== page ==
The Portland Trail Blazers have underwhelmed this season, and are in desperate need of defense and size come summer time. To remedy the situation, Zach Buckley of Bleacher Report went to the drawing board and produced a logical trade that could cough up some offense and youth in exchange for defense, length and size.
Portland Trail Blazers receive: Mikal Bridges and Royce O’Neale
Brooklyn Nets receive: Anfernee Simons, Shaedon Sharpe, 2024 second-round pick (via CHA or MIN) and 2025 first-round pick (top-three protected)
To rationalize his movements on the chessboard, Buckley had this to say:
“Portland doesn’t have a ton of chips to push around, but if it sends out the lottery-protected pick it owes the Chicago Bulls this summer, that would open the possibility of trading away the 2025 first. It could also put the Blazers in line to make a bold move for Mikal Bridges, who could team with Jerami Grant (assuming he’s re-signed) to form exactly the kind of lanky, athletic, two-way wing tandem Portland has long needed around [Damian] Lillard,” Buckley said.
“Bridges’ ceiling sits somewhere between stardom and starring in his role, but having Lillard as an elite alpha could give Portland a championship-level pecking order. The Blazers would need to fill in the cracks around these three, but netting three-and-D swingman Royce O’Neale in this exchange would be a start.”
For the first time in franchise history, the Blazers have three players — Lillard (32.3 PPG), Simons (21.1 PPG) and Grant (20.8 PPG) — averaging 20 points or better per contest. However great their individual efforts have been, it has not contributed to winning.
Their offense is No. 14 in the league at 114.9 points per game, and their defense coughs up 115.5 points per contest, good for No. 19 in the association. Swapping Simons for Bridges would give the blazers a 6-foot-6 shooting guard who is as good a perimeter defender as any player in the league, most notably being the runner-up for the 2022 NBA Defensive Player of the Year award.
Bridges has shown the propensity to score the basketball, as he’s averaged 23.4 points per game in his seven appearances with the Brooklyn Nets this year. While Simons also makes plays out of the pick-and-roll and shares ball handling duties with Lillard, the trade-off for a defensive pillar in Bridges, who is capable of similar offensive output, is immeasurable.
Also included in the deal is Royce O’Neale in exchange for Shaedon Sharpe. Sharpe has given Blazers fans glimpses of what the future can hold, as an uber-athletic two guard that can spot up from three-point range and get his own shot off the dribble.
Sharpe has shown rawness that comes with being a rookie, also tremendous upside. O’Neal has not been known for his offensive game, but is in the midst of a career year, averaging 8.9 points, 4.8 rebounds and 3.8 assists on 39.7 percent shooting from the floor.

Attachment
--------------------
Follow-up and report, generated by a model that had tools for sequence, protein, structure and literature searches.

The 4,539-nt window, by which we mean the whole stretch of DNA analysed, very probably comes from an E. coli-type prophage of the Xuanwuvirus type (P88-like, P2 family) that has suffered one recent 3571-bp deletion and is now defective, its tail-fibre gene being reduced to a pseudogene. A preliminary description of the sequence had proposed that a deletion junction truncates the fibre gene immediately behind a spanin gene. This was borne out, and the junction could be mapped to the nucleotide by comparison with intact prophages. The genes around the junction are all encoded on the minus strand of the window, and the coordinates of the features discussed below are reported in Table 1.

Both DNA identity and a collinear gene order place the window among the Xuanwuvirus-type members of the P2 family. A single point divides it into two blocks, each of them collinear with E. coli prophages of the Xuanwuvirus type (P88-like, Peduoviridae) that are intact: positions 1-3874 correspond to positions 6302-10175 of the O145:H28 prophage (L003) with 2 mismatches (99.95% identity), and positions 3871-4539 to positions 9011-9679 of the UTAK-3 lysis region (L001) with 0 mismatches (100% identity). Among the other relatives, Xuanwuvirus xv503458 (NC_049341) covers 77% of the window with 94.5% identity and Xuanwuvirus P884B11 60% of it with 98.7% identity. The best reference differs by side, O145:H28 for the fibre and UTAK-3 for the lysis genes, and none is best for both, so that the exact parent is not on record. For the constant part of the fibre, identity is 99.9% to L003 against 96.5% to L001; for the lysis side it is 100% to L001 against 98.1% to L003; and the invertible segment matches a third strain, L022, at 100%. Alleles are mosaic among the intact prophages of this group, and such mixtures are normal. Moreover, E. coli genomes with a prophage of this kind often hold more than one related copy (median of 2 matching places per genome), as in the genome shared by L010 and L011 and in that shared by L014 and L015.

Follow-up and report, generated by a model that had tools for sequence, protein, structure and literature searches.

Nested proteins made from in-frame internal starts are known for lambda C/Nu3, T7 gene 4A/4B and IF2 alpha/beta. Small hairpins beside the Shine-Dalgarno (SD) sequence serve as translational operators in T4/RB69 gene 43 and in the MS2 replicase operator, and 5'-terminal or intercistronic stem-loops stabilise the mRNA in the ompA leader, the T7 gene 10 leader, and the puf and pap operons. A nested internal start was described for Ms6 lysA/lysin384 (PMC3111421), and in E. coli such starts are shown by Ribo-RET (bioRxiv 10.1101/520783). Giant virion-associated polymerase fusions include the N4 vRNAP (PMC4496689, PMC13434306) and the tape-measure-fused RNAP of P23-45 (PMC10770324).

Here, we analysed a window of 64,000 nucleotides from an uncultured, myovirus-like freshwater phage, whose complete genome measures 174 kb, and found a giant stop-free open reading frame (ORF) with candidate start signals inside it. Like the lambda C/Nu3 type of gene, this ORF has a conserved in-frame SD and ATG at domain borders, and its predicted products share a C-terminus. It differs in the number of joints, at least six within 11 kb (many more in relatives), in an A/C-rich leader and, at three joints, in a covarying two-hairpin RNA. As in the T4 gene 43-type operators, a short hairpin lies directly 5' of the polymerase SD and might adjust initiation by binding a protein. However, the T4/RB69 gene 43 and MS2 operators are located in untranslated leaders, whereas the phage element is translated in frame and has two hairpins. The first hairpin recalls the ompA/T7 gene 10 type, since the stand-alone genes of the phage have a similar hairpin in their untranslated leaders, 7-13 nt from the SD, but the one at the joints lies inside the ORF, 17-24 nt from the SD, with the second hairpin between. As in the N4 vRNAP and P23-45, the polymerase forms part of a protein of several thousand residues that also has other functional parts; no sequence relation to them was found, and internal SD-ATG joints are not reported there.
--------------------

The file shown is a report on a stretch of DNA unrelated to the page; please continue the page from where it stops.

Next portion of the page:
From an impartial perspective, the deal is not likely to make Nets general manager Sean Marks salivate. The look on Bridges’ face when Jared Greenberg interviewed him upon being moved from the Phoenix Suns to the Nets spoke of disappointment and hurt. Yet, he has been a consummate professional and has upped his game as one of the new vanguards of the team. Moving the jewel of the deal that sent Kevin Durant out of town would come at a heavy price.
Marks would be compromising much defense in exchange for comparable offense. To make matters worse, adding two shooting guards to the rotation would leave an odd man out between Simons, Sharpe and the burgeoning Cam Thomas.
The addition of Dorian Finney-Smith and Cam Johnson gives Brooklyn a crowded depth chart at combo forward. Ben Simmons is still on the roster and Yuta Watanabe — once the league leader in three-point percentage — waits for a crack in the door to re-enter the rotation. This provides Marks with enough redundancy to move one of the aforementioned wing players.
The Blazers would get the longer end of the stick in this transaction, even considering the two future first-round picks being traded. If Portland were able to move and shake their way into obtaining Bridges, they’d become exponentially better overnight.
Making a push for Simmons would benefit Portland more than getting O’Neale. One cannot teach 6-foot-10 with elite playmaking and rebounding abilities to match eye-opening agility. The time may never be better than now to buy low on the former No. 1 overall pick who has found his way out of Brooklyn’s starting lineup for the second time this season.
While allocating a career-high amount of fouls per game (3.3), Simmons can return to All-Star level in a conducive environment, on a team with a leader such as Lillard and Head Coach Chauncey Billups. Nevertheless, Portland figures to be active in the offseason to make a stronger push in 2024.